October 11, 2017
The third quarter 2017 office market reports are coming in, and there’s a common refrain. U.S. office markets continued to show strength, fueled by surging leasing activity, though as a result of new deliveries that are outpacing absorption, vacancies are rising for the fourth consecutive quarter.
JLL’s research showed that Q3 leasing volume reached 62.4 million square feet, the highest it has been in two years. So far, year-to-date growth has been paced by tenant expansion in Dallas and Seattle, which combined for a 35.6% share of total volume.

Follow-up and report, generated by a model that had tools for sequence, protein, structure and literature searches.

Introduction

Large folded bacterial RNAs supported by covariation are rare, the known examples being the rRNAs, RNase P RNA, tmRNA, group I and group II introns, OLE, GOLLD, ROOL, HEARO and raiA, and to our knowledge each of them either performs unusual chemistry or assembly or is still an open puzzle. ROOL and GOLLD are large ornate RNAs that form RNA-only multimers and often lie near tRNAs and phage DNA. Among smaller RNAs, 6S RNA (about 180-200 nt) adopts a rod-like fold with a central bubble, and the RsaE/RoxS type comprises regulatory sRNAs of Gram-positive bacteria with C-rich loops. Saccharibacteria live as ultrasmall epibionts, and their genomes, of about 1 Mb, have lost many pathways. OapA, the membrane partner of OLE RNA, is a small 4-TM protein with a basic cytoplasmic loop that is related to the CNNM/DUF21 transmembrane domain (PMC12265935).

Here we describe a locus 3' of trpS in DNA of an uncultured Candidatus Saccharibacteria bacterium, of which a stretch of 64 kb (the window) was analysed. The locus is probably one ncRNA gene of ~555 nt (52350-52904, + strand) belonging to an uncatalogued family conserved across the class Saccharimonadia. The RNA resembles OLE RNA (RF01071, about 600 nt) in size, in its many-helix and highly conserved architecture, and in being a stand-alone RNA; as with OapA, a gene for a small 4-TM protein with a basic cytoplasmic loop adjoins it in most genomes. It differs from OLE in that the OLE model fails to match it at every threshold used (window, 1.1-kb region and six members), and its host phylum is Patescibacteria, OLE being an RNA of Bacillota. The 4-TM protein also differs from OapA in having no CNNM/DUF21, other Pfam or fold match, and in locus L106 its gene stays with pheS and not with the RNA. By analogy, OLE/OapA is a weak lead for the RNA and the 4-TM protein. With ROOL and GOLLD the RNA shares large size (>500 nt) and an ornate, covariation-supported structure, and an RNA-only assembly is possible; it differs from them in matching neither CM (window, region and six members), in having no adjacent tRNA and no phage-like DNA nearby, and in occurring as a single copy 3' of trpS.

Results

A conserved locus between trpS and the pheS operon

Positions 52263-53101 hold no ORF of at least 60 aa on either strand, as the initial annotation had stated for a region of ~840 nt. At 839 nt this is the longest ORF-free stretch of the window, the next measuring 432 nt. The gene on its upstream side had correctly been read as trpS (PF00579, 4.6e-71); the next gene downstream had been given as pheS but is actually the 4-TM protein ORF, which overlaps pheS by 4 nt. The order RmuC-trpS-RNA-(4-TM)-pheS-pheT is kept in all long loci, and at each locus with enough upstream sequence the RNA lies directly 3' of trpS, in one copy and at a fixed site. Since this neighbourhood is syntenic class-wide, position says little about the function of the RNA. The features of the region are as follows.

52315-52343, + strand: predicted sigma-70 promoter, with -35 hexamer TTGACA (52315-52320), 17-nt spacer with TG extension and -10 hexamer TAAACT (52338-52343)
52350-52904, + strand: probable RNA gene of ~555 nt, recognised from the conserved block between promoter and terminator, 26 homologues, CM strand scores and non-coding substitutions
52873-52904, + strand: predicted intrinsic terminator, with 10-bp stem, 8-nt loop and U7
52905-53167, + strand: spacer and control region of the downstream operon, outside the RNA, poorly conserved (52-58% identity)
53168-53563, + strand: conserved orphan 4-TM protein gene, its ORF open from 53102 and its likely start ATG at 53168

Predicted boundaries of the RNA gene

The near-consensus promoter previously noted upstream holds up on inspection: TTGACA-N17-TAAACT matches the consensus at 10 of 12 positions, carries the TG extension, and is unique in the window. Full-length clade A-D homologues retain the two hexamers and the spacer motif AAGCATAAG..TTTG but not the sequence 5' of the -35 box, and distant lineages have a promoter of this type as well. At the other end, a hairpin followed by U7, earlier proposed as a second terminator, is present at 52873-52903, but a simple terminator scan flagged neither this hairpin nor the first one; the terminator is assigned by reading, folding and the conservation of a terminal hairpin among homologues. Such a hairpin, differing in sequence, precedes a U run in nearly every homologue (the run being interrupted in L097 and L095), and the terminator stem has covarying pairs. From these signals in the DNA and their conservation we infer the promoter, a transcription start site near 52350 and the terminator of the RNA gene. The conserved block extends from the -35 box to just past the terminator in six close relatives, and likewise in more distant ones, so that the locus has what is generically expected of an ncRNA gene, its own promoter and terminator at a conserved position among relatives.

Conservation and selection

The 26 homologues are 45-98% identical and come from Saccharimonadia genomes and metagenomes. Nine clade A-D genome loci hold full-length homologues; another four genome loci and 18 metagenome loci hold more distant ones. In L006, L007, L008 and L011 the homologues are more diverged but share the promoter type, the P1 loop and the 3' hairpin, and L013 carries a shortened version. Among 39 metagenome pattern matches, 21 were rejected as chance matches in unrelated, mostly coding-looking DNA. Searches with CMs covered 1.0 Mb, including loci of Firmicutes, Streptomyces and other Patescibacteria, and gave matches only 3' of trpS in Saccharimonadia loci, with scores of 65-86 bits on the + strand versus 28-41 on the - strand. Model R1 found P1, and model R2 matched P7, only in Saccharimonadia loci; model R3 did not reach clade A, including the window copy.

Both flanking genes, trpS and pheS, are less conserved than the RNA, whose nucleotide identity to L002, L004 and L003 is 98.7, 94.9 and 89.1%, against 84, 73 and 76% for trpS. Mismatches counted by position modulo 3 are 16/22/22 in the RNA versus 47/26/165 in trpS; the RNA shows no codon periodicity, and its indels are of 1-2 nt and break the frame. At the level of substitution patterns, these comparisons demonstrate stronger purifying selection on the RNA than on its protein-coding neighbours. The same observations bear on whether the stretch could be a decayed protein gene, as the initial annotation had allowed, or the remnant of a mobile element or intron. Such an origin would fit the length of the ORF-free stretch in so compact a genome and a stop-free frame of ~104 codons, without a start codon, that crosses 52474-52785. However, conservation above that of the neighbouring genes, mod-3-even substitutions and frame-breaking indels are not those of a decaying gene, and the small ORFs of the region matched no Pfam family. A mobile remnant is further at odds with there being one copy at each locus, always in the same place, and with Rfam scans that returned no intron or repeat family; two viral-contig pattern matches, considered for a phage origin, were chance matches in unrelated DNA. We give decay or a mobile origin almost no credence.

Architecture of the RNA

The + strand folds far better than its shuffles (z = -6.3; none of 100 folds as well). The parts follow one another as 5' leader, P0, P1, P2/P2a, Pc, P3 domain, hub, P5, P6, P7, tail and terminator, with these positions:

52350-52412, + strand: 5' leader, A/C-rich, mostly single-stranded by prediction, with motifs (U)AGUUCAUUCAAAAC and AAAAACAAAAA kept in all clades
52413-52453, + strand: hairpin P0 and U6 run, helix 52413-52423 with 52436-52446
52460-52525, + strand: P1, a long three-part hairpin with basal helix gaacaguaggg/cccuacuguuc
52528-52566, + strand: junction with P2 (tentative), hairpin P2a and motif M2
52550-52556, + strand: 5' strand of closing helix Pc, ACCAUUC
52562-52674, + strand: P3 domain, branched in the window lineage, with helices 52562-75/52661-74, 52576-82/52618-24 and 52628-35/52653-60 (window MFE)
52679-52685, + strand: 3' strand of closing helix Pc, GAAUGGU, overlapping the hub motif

Cushman & Wakefield pointed to a strong tech sector and the effects of a robust construction pipeline as the primary influencers of U.S. office fundamentals. Though markets remained in a stable position during the past three months nationally, demand isn’t keeping pace with deliveries. The net result is a national vacancy rate that crept up from 13.2% in Q2 2017 to 13.3% in Q3 2017.
The latest analysis from CBRE shows vacant office space in the U.S. declined by 10 basis points (bps) during Q3 2017, dropping to 12.9%. Continuing a recent pattern, suburban office markets continued to set the pace for declines. The vacancy rate in suburban markets decreased 20 bps, to 14.1%, while downtown vacancy dipped 10 bps to 10.6%. Vacancy continued to fall in a majority of U.S. office markets, and the national office vacancy rate remains near its post-recession low, reports CBRE.
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